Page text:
The world’s financial leaders rowed back on a pledge to keep an open and inclusive global trade system after being unable to find a suitable compromise with an increasingly protectionist United States.
Making only a token reference to trade in their communique, finance ministers and central bank chiefs from the world’s top 20 economies broke with a decade-long tradition of endorsing open trade, a clear defeat for host nation Germany, which has fought to maintain the G20’s past commitments.
In the new US administration’s biggest clash yet with the international community, G20 finance chiefs also rowed back on a pledge to support climate change finance, an anticipated outcome after US President Donald Trump called global warming a “hoax”.
“We are working to strengthen the contribution of trade to our economies,” G20 finance chiefs said after a two-day meeting in the German resort town of Baden-Baden, well short of a past commitment for rules-based, transparent, non-discriminatory, open and inclusive multilateral trade.
Seeking to put “America first”, Trump has already pulled out of a key trade agreement and proposed a new tax on imports, arguing that certain trade relationships need to be reworked to make them fairer for US workers.
US Treasury Secretary Steven Mnuchin, who represented the Trump administration in his first G20 meeting, earlier said it had no desire to get into trade wars but trade needed to be made fairer, a reference to big trade deficits with key G20 members, such as Germany and China.
After meeting German Chancellor Angela Merkel on Friday, Trump said he did not believe in isolationism but that trade policy should be fairer.
International trade makes up almost half of global economic output and officials said the issue could be revisited at a meeting of G20 leaders in July.
The communique also dropped a reference, used by the G20 last year, on the readiness to finance measures against climate change as agreed in Paris in 2015, because of opposition from the United States and Saudi Arabia.
Trump has suggested global warming was a “hoax” concocted by China to hurt US industry and vowed to scrap the Paris climate accord aimed at curbing greenhouse gas emissions.
Trump’s administration on Thursday proposed a 31% cut to the Environmental Protection Agency’s budget as the White House seeks to eliminate climate change programmes and trim initiatives to protect air and water quality.
Asked about climate change funding, Mick Mulvaney, Trump’s budget director, said on Thursday: “We consider that to be a waste of money.”
The G20 did, however, show continuity in its foreign exchange policies, using past phrases on currency markets.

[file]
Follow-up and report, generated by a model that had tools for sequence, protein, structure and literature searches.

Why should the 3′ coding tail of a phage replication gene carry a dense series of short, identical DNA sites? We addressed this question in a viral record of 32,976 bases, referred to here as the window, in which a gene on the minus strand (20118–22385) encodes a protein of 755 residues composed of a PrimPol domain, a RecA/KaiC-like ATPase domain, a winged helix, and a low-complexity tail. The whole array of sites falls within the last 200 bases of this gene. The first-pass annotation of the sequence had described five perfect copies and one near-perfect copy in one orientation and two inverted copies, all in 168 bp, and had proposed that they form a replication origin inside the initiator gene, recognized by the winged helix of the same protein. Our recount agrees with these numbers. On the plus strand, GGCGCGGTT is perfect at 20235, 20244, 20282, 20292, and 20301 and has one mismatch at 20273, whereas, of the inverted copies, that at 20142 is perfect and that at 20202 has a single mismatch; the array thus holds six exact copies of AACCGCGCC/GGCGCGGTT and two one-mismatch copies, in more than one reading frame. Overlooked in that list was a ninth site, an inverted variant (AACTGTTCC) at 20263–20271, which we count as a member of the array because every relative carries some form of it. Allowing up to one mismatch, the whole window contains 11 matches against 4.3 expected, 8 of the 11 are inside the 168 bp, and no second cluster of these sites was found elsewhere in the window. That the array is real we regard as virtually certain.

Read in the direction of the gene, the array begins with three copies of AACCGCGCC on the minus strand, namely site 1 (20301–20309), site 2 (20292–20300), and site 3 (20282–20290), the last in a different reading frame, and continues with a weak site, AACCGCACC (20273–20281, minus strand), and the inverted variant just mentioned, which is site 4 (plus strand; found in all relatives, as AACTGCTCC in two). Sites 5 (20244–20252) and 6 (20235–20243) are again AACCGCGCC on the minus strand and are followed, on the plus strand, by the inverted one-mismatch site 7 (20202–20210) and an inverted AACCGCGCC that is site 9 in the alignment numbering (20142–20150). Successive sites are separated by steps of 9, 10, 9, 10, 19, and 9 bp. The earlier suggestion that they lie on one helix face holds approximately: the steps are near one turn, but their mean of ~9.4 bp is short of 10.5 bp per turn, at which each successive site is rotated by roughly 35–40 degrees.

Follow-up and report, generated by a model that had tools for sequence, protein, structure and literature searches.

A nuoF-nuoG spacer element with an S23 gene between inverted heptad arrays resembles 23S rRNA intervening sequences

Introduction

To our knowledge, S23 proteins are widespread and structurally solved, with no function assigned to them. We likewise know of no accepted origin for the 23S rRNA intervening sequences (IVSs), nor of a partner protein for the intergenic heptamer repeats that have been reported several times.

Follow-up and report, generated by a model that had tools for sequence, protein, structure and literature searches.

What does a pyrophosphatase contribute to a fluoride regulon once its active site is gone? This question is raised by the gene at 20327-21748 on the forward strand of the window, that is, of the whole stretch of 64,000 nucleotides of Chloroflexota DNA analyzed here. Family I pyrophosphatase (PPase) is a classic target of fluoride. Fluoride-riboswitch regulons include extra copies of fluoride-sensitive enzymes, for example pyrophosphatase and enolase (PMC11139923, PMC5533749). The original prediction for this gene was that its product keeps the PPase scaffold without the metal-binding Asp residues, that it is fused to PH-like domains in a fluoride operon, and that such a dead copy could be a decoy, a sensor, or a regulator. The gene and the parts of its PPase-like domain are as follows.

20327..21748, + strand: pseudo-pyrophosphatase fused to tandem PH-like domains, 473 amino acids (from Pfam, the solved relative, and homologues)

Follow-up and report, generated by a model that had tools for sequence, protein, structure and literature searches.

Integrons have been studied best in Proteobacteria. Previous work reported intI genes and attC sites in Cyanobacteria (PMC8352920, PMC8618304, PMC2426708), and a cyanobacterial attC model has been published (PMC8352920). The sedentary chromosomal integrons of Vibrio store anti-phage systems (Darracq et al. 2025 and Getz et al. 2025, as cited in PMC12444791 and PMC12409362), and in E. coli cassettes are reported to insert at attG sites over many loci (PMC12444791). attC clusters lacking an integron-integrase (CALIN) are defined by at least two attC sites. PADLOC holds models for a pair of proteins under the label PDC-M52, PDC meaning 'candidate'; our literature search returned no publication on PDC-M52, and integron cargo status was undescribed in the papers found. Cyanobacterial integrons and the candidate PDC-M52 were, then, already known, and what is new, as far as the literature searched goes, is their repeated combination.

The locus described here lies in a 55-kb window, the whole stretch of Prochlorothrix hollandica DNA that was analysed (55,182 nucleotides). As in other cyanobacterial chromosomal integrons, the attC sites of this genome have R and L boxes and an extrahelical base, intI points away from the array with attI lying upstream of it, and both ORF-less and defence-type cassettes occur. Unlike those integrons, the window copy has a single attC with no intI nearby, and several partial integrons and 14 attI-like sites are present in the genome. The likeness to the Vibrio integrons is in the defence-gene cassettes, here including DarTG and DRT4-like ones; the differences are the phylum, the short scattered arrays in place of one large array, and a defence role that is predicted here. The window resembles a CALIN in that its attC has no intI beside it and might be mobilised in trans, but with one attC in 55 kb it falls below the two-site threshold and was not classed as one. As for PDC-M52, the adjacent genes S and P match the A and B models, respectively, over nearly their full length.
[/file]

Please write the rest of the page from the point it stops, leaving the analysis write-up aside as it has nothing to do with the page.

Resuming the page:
“We reaffirm our previous exchange rate commitments, including that we will refrain from competitive devaluations and we will not target our exchange rates for competitive purposes,” the G20 said.
Leaders also upheld their commitments to financial sector regulation, supporting the finalisation of bank rules known as Basel III, provided they do not significantly raise overall capital requirements.
Meanwhile the finance chiefs of the world’s top 20 economies pledged yesterday to finalise new banking regulations, easing concerns that the new US administration would pull out of a long-delayed global accord known as Basel III.
Designed to avert a repeat of the financial crisis, Basel III rules have been on hold due to an impasse between the United States and Europe, with some fearing the accord might never be revived as the new US administration advocates deregulation.
“We confirm our support for the Basel Committee on Banking Supervision’s work to finalise the Basel III framework without further significantly increasing overall capital requirements across the sector, while promoting a level playing field,” G20 finance ministers and central bank chiefs said in a statement.
US President Donald Trump has ordered a review of banking rules with the implicit aim of loosening them.
That raises the prospect of the US pulling out of some international cooperation efforts.
Arguing that lax regulation had been a key cause of the global financial crisis a decade ago, the European Central Bank said deregulation threatens the relative stability that has supported the slow but steady recovery.
With central banks keeping rates ultra low, deregulation also risked overheating the bank sector, raising the prospect of failures and bailouts, European officials argued.
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